). In the present study, our application of pathway analysis to this expression dataset lends face validity to our findings, as genes are clustered functionally as well as statistically. Furthermore, chemokines identified by this high-throughput technique were validated using the more accurate method of quantitative PCR applied to a larger set of patients. Still, the biomarker potential of the chemokine signature needs to be validated in larger, prospective studies to determine if these gene expression profiles have any diagnostic or prognostic biomarker potential. Patients enrolled in this study are being followed for 2 years, and their clinical course assessed to determine whether the inflammatory response and/or chemokine expression is associated with short- and long-term outcomes after arthroscopy. Further limitations of our present study include the small sample size and the cross-sectional design. However, given the role of these chemokines in recruitment of inflammatory cells, we speculate they may contribute to development of synovial inflammation in response to meniscal injury. Determining whether they directly affect development of pain or progression of cartilage damage will require further investigation.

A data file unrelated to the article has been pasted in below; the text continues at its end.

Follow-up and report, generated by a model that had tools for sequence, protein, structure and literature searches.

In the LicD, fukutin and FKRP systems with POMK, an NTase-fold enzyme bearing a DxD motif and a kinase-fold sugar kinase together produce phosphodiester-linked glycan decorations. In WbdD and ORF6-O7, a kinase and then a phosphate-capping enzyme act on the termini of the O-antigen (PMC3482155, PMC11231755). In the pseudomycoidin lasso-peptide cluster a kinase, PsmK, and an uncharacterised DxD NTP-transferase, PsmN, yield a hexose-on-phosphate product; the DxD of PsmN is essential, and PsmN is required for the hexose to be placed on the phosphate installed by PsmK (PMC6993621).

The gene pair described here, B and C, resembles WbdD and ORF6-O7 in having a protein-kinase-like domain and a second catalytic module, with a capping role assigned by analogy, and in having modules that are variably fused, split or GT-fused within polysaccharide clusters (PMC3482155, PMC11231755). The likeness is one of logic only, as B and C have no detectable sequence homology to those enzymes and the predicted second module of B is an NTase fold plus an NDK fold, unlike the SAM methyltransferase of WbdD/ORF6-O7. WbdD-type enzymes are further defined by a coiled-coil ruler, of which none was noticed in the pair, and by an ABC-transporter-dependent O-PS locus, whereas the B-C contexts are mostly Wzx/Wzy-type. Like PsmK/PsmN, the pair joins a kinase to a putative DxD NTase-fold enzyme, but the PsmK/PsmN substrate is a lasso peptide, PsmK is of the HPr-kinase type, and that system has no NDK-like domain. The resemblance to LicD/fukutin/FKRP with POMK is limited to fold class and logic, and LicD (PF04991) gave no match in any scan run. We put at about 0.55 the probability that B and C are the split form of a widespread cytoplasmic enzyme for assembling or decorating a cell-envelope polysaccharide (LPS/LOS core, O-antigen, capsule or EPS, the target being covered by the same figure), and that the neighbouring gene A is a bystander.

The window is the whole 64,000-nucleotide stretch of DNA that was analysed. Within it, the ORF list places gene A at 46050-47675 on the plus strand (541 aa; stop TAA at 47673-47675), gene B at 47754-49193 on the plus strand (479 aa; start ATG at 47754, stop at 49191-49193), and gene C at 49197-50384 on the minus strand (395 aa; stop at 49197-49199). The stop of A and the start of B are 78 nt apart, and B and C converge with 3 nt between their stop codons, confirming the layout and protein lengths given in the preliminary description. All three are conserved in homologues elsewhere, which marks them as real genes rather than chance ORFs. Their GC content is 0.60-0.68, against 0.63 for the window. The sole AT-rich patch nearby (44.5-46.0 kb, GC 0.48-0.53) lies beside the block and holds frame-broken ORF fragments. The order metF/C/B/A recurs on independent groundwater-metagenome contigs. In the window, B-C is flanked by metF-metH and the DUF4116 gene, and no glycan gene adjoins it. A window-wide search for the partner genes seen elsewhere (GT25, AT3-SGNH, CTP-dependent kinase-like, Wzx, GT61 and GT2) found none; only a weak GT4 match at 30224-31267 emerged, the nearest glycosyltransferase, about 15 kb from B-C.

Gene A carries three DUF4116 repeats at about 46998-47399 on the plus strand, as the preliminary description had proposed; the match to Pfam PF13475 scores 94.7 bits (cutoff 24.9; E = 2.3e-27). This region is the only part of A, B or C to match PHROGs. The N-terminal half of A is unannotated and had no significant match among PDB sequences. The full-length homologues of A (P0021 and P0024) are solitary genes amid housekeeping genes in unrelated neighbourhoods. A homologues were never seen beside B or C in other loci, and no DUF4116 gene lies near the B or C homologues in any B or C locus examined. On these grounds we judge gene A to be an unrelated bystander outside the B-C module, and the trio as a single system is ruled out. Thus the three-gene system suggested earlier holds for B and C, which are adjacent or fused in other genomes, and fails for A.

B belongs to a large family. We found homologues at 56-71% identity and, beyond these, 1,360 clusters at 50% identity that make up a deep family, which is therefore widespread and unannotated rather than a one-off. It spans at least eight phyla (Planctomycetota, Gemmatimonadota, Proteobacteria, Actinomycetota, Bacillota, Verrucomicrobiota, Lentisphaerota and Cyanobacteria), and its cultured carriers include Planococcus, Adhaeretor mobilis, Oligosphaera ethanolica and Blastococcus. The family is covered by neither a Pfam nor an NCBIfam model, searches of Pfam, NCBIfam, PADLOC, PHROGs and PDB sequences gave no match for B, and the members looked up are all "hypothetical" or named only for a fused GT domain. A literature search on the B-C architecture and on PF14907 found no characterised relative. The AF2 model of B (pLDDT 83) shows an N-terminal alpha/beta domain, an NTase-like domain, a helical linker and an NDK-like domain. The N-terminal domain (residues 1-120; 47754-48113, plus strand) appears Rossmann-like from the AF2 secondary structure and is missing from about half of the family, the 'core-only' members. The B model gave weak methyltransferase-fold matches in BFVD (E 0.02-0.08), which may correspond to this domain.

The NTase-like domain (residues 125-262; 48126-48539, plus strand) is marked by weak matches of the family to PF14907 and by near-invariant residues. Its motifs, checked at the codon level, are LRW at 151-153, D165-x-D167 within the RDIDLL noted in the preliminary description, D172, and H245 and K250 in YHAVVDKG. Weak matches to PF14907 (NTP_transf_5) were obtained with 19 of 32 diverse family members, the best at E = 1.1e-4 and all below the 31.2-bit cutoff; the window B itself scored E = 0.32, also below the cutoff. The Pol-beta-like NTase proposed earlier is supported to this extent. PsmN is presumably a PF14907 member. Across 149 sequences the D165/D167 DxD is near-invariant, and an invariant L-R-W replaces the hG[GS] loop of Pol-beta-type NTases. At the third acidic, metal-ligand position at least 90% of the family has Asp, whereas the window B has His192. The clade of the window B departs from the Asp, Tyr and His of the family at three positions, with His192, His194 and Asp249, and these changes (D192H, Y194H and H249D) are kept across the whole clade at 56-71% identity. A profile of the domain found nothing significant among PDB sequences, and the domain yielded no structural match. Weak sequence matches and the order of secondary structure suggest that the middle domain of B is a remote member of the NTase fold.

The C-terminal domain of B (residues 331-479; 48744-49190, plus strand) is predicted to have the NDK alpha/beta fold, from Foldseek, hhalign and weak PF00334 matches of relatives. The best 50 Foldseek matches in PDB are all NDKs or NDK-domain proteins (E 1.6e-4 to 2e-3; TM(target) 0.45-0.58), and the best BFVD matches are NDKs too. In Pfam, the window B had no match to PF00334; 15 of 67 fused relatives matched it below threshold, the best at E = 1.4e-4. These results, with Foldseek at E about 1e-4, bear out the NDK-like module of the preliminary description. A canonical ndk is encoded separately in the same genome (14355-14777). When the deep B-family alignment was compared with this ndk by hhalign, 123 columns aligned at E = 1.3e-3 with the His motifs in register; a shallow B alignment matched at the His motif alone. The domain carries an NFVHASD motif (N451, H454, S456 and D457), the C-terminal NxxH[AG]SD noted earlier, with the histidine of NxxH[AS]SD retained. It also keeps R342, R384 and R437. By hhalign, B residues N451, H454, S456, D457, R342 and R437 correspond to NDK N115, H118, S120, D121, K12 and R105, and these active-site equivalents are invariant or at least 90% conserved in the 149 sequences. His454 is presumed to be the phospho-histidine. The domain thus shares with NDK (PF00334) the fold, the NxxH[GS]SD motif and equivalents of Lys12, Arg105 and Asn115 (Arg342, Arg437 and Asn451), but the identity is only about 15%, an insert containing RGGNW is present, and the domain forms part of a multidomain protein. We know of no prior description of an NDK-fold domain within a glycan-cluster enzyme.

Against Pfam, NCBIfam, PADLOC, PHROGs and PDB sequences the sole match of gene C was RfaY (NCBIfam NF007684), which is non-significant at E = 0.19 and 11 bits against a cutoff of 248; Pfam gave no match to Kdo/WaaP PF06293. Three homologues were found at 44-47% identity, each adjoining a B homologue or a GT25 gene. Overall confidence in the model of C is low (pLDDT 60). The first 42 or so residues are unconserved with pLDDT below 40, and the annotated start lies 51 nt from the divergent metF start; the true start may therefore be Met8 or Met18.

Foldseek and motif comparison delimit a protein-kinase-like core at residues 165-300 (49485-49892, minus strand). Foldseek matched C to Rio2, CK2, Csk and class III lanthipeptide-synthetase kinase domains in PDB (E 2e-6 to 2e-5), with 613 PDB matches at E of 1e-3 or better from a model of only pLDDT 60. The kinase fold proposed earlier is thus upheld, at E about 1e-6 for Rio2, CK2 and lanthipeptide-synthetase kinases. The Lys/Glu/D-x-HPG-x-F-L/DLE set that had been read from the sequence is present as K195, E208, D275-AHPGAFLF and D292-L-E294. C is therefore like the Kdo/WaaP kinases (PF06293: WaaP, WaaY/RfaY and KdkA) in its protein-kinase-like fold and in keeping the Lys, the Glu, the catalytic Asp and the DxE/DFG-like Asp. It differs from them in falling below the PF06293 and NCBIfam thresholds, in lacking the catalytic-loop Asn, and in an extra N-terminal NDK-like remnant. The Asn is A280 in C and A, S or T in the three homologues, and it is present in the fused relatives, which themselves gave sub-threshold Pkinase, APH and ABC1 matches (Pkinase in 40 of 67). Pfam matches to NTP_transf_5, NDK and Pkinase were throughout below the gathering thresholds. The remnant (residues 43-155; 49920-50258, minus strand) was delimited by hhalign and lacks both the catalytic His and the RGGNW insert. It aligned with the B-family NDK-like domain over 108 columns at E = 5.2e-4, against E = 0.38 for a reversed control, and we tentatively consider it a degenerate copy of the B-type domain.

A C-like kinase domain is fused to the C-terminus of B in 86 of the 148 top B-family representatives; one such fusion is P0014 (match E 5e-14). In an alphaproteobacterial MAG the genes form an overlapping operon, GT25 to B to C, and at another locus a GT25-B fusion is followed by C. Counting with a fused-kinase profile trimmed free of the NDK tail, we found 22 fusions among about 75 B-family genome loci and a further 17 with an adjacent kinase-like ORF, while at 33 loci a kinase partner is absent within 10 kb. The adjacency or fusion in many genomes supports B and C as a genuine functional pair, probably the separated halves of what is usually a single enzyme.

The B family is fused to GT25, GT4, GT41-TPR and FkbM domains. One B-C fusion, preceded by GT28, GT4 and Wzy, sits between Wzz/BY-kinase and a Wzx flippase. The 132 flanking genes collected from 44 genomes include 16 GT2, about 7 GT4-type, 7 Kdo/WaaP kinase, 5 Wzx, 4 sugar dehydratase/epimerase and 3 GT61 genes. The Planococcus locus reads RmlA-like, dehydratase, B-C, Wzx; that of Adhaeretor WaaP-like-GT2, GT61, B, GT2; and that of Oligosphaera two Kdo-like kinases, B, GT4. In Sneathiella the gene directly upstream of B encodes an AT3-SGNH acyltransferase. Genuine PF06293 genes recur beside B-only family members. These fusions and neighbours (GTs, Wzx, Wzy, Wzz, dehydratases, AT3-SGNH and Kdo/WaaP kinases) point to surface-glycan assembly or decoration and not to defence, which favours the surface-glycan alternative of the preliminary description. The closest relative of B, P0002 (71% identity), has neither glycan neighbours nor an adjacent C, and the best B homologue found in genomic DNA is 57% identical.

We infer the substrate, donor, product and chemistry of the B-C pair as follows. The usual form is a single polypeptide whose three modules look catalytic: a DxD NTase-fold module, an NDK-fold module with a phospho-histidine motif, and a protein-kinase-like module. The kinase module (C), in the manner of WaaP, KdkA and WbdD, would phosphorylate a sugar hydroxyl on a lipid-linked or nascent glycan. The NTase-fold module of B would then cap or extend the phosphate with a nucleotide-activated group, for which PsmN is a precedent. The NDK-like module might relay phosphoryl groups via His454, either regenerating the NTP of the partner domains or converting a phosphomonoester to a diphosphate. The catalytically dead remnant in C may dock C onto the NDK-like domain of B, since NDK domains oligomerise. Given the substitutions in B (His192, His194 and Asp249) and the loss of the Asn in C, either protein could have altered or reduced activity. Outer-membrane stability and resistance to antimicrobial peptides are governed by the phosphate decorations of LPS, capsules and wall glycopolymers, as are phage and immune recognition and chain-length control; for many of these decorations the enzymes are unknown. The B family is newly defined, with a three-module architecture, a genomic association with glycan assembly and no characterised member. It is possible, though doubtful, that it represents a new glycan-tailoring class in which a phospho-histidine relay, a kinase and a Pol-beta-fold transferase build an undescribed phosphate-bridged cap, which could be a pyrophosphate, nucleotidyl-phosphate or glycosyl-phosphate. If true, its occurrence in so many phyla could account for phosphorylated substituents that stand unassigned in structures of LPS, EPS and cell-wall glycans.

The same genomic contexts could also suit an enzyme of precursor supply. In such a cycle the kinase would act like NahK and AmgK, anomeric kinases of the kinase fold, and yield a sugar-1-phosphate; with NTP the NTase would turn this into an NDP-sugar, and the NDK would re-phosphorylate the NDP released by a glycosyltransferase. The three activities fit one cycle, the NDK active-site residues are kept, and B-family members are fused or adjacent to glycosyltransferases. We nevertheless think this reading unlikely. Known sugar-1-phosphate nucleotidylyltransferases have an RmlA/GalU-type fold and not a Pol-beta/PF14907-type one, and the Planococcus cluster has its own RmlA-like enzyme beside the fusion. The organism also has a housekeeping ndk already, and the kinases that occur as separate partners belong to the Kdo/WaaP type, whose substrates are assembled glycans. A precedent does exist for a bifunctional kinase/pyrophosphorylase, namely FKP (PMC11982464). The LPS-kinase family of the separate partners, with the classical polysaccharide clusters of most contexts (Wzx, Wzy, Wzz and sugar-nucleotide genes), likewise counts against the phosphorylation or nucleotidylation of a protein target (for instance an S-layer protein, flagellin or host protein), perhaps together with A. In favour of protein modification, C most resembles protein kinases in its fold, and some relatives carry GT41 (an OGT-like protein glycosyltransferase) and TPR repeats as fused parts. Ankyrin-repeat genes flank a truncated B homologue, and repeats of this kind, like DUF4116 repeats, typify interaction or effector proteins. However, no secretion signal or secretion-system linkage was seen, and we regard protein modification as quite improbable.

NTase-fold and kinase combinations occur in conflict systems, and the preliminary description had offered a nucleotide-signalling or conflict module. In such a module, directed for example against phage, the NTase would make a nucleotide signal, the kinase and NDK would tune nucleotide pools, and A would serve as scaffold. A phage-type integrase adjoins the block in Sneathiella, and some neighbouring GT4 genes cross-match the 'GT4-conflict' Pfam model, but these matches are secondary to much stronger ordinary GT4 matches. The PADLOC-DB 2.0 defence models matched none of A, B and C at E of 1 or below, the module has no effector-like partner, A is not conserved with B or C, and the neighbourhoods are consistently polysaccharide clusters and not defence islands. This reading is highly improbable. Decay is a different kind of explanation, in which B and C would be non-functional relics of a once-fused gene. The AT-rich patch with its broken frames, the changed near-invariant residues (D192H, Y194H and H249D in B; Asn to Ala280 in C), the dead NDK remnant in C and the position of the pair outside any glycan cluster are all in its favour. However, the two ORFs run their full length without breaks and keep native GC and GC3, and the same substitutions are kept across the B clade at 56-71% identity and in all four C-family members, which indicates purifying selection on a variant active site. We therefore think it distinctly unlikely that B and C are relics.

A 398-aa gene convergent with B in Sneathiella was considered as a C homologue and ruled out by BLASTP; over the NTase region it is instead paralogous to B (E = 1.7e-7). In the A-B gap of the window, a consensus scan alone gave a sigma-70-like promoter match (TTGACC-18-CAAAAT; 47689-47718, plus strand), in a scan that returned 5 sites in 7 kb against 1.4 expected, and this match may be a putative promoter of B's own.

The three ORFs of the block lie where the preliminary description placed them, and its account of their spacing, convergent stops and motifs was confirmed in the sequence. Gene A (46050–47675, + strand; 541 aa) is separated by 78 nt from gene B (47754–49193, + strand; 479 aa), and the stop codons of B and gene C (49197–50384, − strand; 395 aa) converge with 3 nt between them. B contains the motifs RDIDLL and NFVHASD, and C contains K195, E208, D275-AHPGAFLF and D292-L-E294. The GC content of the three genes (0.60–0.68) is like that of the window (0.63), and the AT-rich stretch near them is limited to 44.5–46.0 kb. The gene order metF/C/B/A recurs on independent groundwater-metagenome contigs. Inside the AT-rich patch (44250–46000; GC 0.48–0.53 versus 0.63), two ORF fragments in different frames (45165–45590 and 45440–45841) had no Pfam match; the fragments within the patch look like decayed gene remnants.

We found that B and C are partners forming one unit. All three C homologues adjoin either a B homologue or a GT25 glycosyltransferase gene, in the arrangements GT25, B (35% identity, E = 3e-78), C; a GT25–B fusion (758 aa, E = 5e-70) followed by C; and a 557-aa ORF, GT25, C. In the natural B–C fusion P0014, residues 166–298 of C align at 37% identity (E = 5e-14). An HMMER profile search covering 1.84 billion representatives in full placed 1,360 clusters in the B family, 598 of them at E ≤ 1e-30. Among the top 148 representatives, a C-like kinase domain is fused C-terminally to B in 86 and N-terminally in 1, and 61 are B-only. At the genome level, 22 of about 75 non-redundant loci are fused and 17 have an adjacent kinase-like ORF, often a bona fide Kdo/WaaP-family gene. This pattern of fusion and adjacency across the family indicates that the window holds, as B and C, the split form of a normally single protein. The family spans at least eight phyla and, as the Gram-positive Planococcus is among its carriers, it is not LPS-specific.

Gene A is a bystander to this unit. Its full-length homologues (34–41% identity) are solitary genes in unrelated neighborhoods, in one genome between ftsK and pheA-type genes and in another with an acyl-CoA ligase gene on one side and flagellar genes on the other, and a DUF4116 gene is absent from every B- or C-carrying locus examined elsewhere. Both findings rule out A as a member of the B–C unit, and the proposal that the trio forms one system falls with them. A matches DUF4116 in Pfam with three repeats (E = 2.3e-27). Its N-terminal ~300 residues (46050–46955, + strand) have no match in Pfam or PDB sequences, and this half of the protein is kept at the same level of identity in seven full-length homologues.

Identification of cellular and molecular mechanisms associated with synovial inflammation is of considerable interest not only for development of potential diagnostic or prognostic markers in early symptomatic OA and meniscal injury, but also for development of therapeutic approaches to control clinical symptoms and potentially reduce risk of joint degeneration in patients with knee injuries. Our study provides insight into mechanisms driving inflammatory infiltration and demonstrates an association between synovial inflammation and clinical symptoms in patients with meniscal injury, irrespective of the presence of underlying cartilage degeneration.